This is now untenable. As the report states: "The abuse of detainees in US custody cannot simply be attributed to the actions of 'a few bad apples' acting on their own. The fact is that senior officials in the United States government solicited information on how to use aggressive techniques, redefined the law to create the appearance of their legality, and authorized their use against detainees. Those efforts damaged our ability to collect accurate intelligence that could save lives, strengthened the hand of our enemies, and compromised our moral authority."

Though containing little new information, the report is damning in its revelation of how senior officials sought out and approved the reverse engineering of techniques taught in the US military's SERE schools (Survival, Evasion, Resistance, Escape) for use on prisoners captured in the "war on terror." These include "stripping detainees of their clothing, placing them in stress positions, putting hoods over their heads, disrupting their sleep, treating them like animals, subjecting them to loud music and flashing lights, and exposing them to extreme temperatures." In some circumstances, the measures also included waterboarding, a notorious torture technique which involves controlled drowning.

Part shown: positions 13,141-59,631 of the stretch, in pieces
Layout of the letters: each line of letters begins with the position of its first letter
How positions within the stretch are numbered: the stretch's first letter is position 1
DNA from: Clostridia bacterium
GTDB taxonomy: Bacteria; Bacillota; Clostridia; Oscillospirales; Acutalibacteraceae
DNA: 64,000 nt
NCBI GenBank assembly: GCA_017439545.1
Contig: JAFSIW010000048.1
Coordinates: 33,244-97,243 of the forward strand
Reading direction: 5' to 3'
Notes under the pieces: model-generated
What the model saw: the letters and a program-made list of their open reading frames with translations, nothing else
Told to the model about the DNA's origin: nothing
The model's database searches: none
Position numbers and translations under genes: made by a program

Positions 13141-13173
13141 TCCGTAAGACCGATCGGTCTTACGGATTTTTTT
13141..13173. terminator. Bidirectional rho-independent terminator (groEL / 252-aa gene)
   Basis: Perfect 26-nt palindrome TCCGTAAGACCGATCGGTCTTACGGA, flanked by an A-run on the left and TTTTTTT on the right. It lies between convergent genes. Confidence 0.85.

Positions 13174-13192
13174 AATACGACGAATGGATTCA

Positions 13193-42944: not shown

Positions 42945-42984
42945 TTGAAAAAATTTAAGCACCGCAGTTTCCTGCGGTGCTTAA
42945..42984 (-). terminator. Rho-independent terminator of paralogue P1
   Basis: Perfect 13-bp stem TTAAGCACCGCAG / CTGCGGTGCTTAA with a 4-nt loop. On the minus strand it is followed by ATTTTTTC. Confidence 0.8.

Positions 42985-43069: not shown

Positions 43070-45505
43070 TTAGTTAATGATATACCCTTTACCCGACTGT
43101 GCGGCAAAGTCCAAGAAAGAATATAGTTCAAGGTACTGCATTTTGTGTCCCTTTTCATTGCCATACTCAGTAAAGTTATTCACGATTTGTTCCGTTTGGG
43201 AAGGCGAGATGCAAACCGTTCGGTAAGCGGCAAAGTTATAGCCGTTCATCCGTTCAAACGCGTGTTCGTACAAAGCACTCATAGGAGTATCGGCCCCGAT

After noting that these techniques were taught to train personnel "to withstand interrogation techniques considered illegal under the Geneva Conventions," and that they are "based, in part, on Chinese Communist techniques used during the Korean war to elicit false confessions," the authors laid out a compelling timeline for the introduction of the techniques, beginning with a crucial memorandum issued by Bush on February 7, 2002. This stated that the protections of the Geneva Conventions, which the authors noted "would have afforded minimum standards for humane treatment," did not apply to prisoners seized in the "war on terror."